In a September 2015 open letter in Le Monde, the heads of 10 successful French start-ups pleaded with Silicon Valley expatriates to come back to a revived Paris full of new opportunities. China is another country where hundreds of thousands of educated professionals leave for education and work experience. Some return. Some do not.
Africa is no exception. The push and pull factors of this brain drain are wide-ranging and complex, and depend upon the African country. One might be ‘forced’ to leave because of war and/or political instability. The attraction of higher pay and better opportunities for one’s family might pull them away.
Putting an end to Africa’s Brain Drain with Research & Development
From the 1950s to 1960s, the term brain drain was first coined by the British Royal Society to describe the pronounced migration of scientists from the United Kingdom to the United States and Canada.
Developing from its original context, the term currently refers to the emigration of a country’s highly skilled individuals. It usually encompasses movement of university-trained individuals from developing to developed countries.
Dr. Lala Ben Barka, Deputy Secretary of the United Nations Economic Commission for Africa (UN ECA) warned in 2005 that, in 25 years time, “Africa will be empty of brains”
African professionals moving to West to seek greener pastures is considered by the commission as one of the impediments for the continent’s development.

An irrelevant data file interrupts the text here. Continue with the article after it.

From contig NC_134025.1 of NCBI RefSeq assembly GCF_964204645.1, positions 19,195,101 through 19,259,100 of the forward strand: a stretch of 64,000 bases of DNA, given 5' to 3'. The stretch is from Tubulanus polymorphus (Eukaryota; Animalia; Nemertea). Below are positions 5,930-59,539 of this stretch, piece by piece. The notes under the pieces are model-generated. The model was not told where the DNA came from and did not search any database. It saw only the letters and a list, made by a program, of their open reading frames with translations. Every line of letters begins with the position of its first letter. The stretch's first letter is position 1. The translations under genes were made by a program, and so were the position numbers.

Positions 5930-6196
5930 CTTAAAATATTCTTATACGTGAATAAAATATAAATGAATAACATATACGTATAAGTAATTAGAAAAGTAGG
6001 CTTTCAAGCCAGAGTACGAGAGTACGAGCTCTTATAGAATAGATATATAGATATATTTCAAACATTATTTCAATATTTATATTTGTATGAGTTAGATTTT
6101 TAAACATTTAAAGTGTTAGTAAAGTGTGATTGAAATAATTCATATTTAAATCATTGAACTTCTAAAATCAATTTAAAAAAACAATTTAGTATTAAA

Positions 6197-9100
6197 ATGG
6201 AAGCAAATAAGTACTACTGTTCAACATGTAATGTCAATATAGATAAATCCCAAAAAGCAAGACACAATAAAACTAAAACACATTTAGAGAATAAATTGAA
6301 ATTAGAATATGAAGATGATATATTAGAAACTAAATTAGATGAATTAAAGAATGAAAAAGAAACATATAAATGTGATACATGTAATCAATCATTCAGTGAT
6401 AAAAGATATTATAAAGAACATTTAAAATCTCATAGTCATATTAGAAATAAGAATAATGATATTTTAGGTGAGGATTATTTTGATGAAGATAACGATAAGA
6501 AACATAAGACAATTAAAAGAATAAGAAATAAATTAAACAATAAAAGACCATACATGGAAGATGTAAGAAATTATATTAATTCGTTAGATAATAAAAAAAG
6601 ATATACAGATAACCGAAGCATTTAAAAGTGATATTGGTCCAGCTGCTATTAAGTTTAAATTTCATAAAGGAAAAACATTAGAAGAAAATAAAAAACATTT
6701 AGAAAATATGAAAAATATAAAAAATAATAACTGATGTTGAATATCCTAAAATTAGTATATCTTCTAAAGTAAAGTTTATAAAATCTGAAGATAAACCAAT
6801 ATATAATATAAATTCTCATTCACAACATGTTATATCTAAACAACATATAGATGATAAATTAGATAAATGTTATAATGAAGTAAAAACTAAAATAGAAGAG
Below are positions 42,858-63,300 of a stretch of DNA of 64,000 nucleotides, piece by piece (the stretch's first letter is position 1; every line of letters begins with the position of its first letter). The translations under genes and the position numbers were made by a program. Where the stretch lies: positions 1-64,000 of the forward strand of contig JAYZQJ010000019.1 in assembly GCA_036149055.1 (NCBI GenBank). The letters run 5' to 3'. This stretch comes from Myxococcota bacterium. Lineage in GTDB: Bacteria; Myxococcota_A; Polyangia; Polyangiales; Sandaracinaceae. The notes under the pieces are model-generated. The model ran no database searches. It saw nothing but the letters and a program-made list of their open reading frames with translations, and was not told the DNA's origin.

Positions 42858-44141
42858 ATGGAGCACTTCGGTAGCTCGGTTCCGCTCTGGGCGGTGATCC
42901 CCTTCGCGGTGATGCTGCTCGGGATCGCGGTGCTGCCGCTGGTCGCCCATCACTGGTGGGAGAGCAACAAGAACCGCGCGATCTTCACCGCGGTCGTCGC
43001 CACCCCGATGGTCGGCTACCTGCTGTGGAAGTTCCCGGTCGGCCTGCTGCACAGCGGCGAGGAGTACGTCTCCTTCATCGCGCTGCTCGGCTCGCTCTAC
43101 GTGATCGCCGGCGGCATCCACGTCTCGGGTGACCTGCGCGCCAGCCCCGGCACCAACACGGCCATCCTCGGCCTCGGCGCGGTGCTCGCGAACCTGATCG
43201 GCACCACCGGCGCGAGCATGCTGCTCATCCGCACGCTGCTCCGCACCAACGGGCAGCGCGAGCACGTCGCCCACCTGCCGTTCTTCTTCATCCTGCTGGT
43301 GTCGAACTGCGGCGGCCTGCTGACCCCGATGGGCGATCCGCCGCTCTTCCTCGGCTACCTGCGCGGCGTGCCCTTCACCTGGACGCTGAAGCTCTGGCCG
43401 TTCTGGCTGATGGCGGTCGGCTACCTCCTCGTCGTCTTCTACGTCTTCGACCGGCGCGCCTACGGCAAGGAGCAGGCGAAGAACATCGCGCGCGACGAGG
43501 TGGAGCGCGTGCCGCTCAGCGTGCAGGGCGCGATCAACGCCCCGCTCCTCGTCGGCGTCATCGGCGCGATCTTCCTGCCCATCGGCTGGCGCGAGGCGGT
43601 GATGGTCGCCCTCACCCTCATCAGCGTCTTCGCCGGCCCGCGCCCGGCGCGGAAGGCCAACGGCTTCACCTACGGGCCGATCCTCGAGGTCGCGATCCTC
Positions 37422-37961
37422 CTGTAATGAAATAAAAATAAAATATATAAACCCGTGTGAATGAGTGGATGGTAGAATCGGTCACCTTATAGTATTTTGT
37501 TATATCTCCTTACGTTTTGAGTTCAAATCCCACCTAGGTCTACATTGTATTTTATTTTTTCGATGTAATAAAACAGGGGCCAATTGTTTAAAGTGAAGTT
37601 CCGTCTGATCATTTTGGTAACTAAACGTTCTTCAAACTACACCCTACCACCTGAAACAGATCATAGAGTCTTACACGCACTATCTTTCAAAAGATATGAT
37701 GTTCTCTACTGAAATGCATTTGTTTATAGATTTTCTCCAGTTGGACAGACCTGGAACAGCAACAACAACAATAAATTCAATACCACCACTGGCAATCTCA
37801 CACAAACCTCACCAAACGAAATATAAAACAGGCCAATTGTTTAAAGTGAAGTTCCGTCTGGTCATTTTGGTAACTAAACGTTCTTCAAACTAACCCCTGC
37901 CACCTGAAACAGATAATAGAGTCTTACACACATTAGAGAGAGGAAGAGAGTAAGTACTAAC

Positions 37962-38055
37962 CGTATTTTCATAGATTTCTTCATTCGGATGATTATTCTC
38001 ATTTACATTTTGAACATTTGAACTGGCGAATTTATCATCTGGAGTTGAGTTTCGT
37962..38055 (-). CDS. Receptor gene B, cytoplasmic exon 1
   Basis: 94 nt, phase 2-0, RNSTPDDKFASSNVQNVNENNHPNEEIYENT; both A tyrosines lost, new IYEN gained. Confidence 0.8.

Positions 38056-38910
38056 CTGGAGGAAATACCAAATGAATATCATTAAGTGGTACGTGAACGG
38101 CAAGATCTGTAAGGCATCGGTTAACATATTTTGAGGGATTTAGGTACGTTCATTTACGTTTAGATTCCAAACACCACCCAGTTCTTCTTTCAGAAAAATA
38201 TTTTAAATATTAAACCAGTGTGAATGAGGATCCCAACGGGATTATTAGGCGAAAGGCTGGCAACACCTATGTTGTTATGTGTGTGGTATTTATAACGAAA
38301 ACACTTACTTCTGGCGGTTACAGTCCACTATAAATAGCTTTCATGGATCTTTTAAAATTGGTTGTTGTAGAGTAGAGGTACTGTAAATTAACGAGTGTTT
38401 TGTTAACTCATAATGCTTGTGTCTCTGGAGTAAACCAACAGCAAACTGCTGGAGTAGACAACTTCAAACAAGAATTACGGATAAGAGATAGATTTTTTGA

The International Organization for Migration (IOM) estimated that Africa has already lost one third of its skilled labor since 1990.
Ethiopia, Burundi,Nigeria and Ghana are considered as top three sources of emigrating human capital.
African governments are particularly lamenting on huge spending on medical practitioners who will eventually leave the country to seek employment elsewhere.
The extent of the brain drain crises and its implications for Africa’s long-term sustainable development is however not lost on a number of governments, institutions, and individuals on the continent. In fact, Quantum Valley is a sort of renewed effort to provide an enabling environment for Africa’s highly skilled professionals while attracting highly trained international talent to the continent.
Help build infrastructure and provide necessary local training so that scientists in Africa can do AIDS vaccine immunology work on site and have the opportunity for a career in their home country. Support GlobalGiving Foundation
Best for us
Rwanda is perhaps at the forefront of the list of African governments that have awakened to the need to create a supportive environment to retain its pool of homegrown professionals.
The country’s wholesale adoption of international best practices in information and communication technology (ICT) and development has seen it become the hub for technological innovation and the foremost provider of ICT solutions on the continent.
As part of its far-reaching governmental efforts, in 2008 the African Union instituted the Kwame Nkrumah Scientific Award that grants the sum of $100,000 to African scientists who have carried out groundbreaking research and development in the field of life and earth science or innovations in basic science and technology.
We have also stand up to the challenge of providing Nigeria and Africa with an army of qualified world-class professionals while striving also to retain their services on the continent.
African Union Kwame Nkrumah Awards for Scientific Excellence (AUKNASE) Continental Award.
These awards are in memory of the Great Pan-Africanist and First President of the Republic of Ghana.